“Does weed affect fertility?” For cannabis lovers hoping to soon conceive, use of this herb will definitely come into question. The answer, however, is not that straightforward. Keep reading to learn more about marijuana and fertility in men.
The Not-So-Good News About Marijuana and Fertility
There are many factors that can affect male fertility. In addition to factors like hormonal imbalances, certain medications, and overheating of the testicles, marijuana use may also have some effect on those little swimmers.
In one of the largest studies on the subject that involved 1,215 young men between the ages of 18 and 28, researchers found some interesting results.
According to the findings, “sperm concentration, total sperm count, percentage of motile sperm, and percentage of morphologically normal forms were all lower among men smoking marijuana more than once per week.”
However, it’s important to point out that only 28% of the participants who smoked marijuana had lower sperm concertation and a 29% lower total sperm count.
To add to this, a study by Pacey and colleagues explored factors that contribute to poor sperm morphology (AKA form). Their research uncovered that men who used cannabis within a three month window had poorer sperm morphology.
As noted in the study, poor sperm morphology may impact conception because “only sperm with so-called ‘ideal’ or ‘normal’ morphology are thought to be able to pass through cervical mucus and navigate other barriers or the female reproductive tract.”
In addition to this, a different study found an association between marijuana and testosterone.
While the researchers conducted their study on mice, they explain that THC—the active ingredient in marijuana—could affect male sexual activity in two phases.
In the first phase, it raises the testosterone and other sex hormones’ levels. However, hormone levels could drop to far below normal later on. Thereby, the researchers suggest that this may explain the initial aphrodisiac effects of cannabis, as well as other reports of lower testosterone levels among heavy cannabis users.
What’s significant about this is that low testosterone levels can negatively impact sperm production. This is because a lower sperm count makes it more difficult to conceive a child, per WebMD.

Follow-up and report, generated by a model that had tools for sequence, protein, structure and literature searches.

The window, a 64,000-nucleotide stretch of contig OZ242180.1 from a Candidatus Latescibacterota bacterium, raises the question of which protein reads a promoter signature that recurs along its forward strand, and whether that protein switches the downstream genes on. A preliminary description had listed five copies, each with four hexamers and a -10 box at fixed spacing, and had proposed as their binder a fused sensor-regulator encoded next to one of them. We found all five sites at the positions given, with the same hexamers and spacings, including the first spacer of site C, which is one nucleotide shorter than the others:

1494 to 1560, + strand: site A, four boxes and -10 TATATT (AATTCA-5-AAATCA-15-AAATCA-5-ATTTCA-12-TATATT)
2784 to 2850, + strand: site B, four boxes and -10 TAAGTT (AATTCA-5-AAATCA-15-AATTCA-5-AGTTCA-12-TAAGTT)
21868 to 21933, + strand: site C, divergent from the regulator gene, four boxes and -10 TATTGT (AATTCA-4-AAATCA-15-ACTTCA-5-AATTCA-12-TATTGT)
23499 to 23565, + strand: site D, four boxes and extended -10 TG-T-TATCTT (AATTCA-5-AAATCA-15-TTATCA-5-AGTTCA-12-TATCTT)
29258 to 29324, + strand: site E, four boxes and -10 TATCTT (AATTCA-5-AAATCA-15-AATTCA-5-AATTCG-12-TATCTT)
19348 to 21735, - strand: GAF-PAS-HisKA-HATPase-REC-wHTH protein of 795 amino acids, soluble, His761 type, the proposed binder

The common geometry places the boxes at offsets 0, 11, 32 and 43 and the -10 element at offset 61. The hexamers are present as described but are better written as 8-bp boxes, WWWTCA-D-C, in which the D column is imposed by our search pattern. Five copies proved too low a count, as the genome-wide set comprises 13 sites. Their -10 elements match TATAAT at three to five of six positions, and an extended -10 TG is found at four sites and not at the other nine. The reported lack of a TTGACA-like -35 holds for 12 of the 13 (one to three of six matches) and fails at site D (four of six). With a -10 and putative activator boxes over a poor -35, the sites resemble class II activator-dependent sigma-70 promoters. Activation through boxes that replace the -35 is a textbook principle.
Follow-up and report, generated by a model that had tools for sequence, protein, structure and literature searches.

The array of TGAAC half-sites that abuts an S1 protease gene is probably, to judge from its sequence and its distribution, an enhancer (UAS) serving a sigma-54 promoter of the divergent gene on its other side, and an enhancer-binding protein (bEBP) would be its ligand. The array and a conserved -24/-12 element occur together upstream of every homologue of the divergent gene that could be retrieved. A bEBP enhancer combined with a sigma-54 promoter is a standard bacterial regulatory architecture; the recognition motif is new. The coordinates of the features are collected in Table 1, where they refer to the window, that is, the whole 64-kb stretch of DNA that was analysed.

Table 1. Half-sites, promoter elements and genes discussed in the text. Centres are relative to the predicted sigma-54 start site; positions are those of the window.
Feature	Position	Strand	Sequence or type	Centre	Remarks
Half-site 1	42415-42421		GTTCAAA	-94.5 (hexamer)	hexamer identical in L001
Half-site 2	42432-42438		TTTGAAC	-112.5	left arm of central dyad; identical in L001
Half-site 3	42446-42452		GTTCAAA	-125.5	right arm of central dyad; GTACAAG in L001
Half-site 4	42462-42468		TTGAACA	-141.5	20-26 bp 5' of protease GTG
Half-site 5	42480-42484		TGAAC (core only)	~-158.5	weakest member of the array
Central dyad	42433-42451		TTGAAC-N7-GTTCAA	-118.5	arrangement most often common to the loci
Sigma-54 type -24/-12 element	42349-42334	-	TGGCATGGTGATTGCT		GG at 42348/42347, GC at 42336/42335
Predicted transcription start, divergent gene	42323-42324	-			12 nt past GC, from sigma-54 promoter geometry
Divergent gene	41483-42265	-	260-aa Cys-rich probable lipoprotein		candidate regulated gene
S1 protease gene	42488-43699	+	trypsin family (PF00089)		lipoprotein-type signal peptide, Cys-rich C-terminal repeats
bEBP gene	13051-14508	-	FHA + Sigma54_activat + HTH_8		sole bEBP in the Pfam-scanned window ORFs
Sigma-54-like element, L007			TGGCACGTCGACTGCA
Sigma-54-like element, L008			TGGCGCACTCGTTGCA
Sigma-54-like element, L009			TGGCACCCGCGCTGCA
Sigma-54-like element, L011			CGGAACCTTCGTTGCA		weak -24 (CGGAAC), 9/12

Does This Mean There’s An Adverse Relationship with Weed and Fertility?
So, does weed affect fertility? Yes. However, while the research mentioned above is compelling, there is a flip side.
While Pacey and colleagues found an adverse relationship between marijuana and fertility, Dr. Pacey also added that cutting back on your consumption is recommended when trying to start a family.
According to Dr. Pacey, “it takes three months to produce sperm so… you’ve got to stop in June to see an improvement in August.”
Furthermore, a study by Kolodny and colleagues found that a decrease in male testosterone due to marijuana was dose-related. In other words, it would depend on how heavily you consume the herb to see any significant effects on sperm count and quality.
In addition to this, testosterone levels aren’t lowered permanently. A study by Barnett and colleagues suggested that testosterone levels need a minimum of 24 hours to return to pre-smoking levels. So, for chronic smokers, all hope is not lost—setting aside the bud for some time will help restore testosterone levels.
This is also reiterated in a study by Harclerode. Per the researcher, “many effects on the endocrine system caused by chronic treatment of animals with THC are completely reversible with time.” The researcher also goes on to explain that “there is reason to believe that tolerance develops to these effects with acute exposure to THC.”
All in all, marijuana’s adverse effects on male fertility are otherwise temporary. This is because THC does leave your system eventually. If you’d like a better idea of how long it sticks around for, read Beaver Bud’s article How Long Does Marijuana Stay in Your System?
Takeaway on Weed and Fertility
The key thing to remember is that research on marijuana and fertility is still in its infancy. Because marijuana use is still illegal in many countries across the globe, research has been fairly limited.
However, as Canada and other countries begin to relax laws surrounding marijuana consumption, the general public can expect more thorough research in the future. This should help offer a firmer answer to the question “does weed affect fertility?”
Until then, the general advice for cannabis users hoping to start a family is simply to lay off the bud. Fertility aside, there are other reasons to stop smoking marijuana as well.
And if you’re a heavy consumer of cannabis and worried about your fertility, find some comfort in knowing that marijuana affects everyone differently. For further peace of mind, you can talk to your doctor about testing the quality of your sperm.
If you’re thinking marijuana’s temporary effect on fertility could serve as a birth control option, know that there isn’t enough research to support this idea.
So, if you and your partner are trying to avoid a pregnancy, take a look at the different effective birth control options available. While there aren’t many temporary options for men, there’s always the trusty condom!
To learn even more about marijuana’s benefits, side effects, and different strains, be sure to visit Beaver Bud.